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Weed community changes in saffron+chickpea intercropping under different irrigation management


Saffron (Crocus sativus L.) is among the world’s most expensive crops; nevertheless, it struggles to compete with weeds. Non-chemical farming practices, such as intercropping and reduced irrigation, can help to decrease weed problems. Therefore, this study aimed to evaluate the changes in the weed density, biomass and weed diversity under saffron-chickpea intercropping system with two irrigation regimes. The study’s treatments included two irrigation regimes, namely one-time irrigation and conventional irrigation (carried out four times from October through May), and six planting ratios of saffron and chickpea, namely saffron sole-crop (C1), chickpea sole-crop (C2) in eight rows, 1:1 (C3), 2:2 (C4), 2:1 (C5), and 3:1 (C6)] as main and sub-plots, respectively. The result showed that the conventional irrigation regimes increased weed diversity, however, it didn’t affect the Pielou index. Intercropping ratios decreased weed diversity compared to saffron and chickpea mono-cropping systems. The interaction effect of treatments was significant for weed density and weed biomass. In most intercropping ratios, weed density and weed biomass decreased under one-time irrigation regimes. The lowest values for weed density and biomass were observed with an average of 15.5 plants/m2 and 37.51 g/m2, respectively, under the one-time irrigation regime with C4 intercropping systems. This intercropping system did not show a significant difference with C3. Overall, the results indicate that a one-time irrigation regime and intercropping with chickpea, specifically with a 1:1 saffron-chickpea ratio (C3) and a 2:2 saffron-chickpea ratio (C4), could be effective strategies for weed management in saffron in semiarid cropping systems.


Saffron (Crocus sativus L.) is one of the most expensive spice, medicinal and industrial crops worldwide [1]. The plant is used as a spice to flavor food, and fragrance in perfumes and cosmetics worldwide. It has been used in traditional medicine as an anti-depressant, anti-carcinogen, and stimulant, along with a wide range of other applications [2, 3]. The main saffron-producing countries are Iran, India, Greece, Afghanistan, Morocco, Spain, Italy, China, and Azerbaijan [4]. Iran is the leading country in saffron production [5], with 120,000 ha, and 3.2 kg ha−1 as cultivated area, and average yield, respectively [6]. Iran produces almost 90% of global, saffron [7].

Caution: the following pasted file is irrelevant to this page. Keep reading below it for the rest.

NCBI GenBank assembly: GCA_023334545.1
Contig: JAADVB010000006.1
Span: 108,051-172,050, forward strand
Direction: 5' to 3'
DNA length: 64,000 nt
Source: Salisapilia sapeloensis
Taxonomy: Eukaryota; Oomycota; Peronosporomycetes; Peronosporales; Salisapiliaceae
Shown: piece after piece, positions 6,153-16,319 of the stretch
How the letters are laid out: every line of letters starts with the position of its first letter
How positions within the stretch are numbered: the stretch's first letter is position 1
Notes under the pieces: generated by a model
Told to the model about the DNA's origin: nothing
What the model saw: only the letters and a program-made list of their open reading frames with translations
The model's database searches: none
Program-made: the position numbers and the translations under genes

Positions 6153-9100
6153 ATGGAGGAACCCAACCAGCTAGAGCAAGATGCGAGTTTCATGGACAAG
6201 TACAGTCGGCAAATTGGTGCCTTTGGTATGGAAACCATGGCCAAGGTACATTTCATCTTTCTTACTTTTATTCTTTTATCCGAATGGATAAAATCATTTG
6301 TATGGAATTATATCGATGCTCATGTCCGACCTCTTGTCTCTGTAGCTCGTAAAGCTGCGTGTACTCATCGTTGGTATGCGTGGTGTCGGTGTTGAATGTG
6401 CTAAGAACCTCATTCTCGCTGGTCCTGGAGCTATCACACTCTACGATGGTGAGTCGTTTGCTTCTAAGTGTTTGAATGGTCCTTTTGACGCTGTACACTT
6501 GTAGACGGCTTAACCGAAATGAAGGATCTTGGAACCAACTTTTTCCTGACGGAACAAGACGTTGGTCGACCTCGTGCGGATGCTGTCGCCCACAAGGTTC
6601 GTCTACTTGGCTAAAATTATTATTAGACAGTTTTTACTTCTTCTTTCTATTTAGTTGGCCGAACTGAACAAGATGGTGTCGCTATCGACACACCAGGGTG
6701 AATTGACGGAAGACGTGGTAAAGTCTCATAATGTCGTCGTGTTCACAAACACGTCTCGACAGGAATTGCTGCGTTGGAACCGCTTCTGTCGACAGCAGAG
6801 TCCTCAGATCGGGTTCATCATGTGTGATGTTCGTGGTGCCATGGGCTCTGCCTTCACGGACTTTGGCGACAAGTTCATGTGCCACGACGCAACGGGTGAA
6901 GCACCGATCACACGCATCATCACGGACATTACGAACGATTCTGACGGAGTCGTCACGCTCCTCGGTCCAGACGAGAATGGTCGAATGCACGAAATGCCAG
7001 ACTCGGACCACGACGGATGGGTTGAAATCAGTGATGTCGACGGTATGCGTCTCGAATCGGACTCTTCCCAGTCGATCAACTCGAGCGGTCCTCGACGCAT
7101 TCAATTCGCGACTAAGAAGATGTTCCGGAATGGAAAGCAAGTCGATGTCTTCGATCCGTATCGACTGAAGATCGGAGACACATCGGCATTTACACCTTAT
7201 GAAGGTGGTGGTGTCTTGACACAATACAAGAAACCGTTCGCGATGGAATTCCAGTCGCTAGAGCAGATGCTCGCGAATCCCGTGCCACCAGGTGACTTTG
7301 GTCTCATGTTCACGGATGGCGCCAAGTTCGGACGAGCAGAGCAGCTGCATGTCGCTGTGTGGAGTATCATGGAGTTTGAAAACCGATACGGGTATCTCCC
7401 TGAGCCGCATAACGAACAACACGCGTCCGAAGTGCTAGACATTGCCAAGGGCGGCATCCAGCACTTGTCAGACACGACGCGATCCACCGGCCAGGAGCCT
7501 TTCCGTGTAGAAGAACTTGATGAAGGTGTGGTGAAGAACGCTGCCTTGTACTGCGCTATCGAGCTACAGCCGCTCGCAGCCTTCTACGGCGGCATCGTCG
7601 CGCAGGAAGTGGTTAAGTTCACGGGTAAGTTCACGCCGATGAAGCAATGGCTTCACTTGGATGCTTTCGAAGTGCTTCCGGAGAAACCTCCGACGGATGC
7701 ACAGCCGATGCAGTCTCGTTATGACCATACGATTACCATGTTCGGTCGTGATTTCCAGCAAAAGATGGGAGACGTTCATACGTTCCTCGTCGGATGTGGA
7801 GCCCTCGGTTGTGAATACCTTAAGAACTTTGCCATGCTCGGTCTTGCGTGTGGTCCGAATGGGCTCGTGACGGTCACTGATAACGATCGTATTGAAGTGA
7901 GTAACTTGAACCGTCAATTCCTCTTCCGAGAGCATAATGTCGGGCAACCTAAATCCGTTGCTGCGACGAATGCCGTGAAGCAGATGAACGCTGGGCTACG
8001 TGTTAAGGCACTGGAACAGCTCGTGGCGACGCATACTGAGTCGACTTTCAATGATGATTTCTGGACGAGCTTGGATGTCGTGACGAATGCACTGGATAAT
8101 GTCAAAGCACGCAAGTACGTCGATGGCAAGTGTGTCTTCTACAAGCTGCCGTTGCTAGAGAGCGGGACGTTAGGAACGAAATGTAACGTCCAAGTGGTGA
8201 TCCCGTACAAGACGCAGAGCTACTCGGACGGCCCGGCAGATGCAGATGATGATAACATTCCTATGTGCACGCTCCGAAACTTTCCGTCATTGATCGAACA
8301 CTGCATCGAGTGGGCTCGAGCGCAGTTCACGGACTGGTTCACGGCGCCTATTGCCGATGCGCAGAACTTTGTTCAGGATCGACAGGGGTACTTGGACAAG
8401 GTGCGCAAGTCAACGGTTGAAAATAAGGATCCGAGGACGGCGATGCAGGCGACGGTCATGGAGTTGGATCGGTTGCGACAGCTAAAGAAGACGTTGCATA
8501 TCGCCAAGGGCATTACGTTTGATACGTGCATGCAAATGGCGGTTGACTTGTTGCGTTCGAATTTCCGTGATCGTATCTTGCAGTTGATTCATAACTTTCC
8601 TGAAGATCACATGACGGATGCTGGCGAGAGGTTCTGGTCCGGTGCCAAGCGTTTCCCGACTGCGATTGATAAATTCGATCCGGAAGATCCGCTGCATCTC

Saffron is cultivated in different climatic conditions, for example, in southern Europe, North Africa, the Middle East, and Central Asia, which have low rainfall, warm summers, and cold winters [8]. It has a lower water requirement than many other crops due to its morpho-physiological properties [9] and drought tolerance and having a dormant stage (from May to August) [10]. Nevertheless, irrigation increases saffron yield; and is therefore irrigated four or five times from October through May [11]. de Juan, Córcoles [12] reported that irrigation in March and April, as well as in August and September, increases saffron flower and stigma yield. However, Koocheki and Seyyedi [13] indicated that in western Macedonia irrigation increased leaf development, but reduced the number of flowers and quality of saffron.

After flowering in October, saffron grows actively through April and then the plant senesces, leaves wither (April−May), and corms become dormant approximately until July. Therefore, the fields are without any crop canopy during this time, and weeds can occupy the space and suppress the saffron plant. Therefore, weeds are the main problem in saffron production, since this plant is a poor competitor with weeds and grows slowly, so weed growth at any stage of crop growth can hurt the quality and quantity of the product. Weeds are controlled by mechanical, hand weeding, or chemical methods. Although mechanical and hand weeding are effective and environmentally friendly, they are time-consuming and costly [14, 15]. Hosseini-Evari et al. [16] revealed that a combination of herbicide (Metribuzin) with the mulch method can be useful for weed management in saffron. Chemical weed control is too expensive and has negative side effects on the environment and human health [17].

Irrigation management is one of the strategies of weed control for the development of a weed management system, especially in arid and semiarid regions. Therefore, a low irrigation schedule during the weed life cycle could reduce weed germination and presence by less water availability for weed growth. Metwally et al. [18] stated that in peanuts, total weed dry weight reduced up to 25.66–25.71% because of decreased irrigation by 60%. Verma et al. [19] reported that weed density and biomass were reduced at the lower rate of irrigation because of the less availability of water.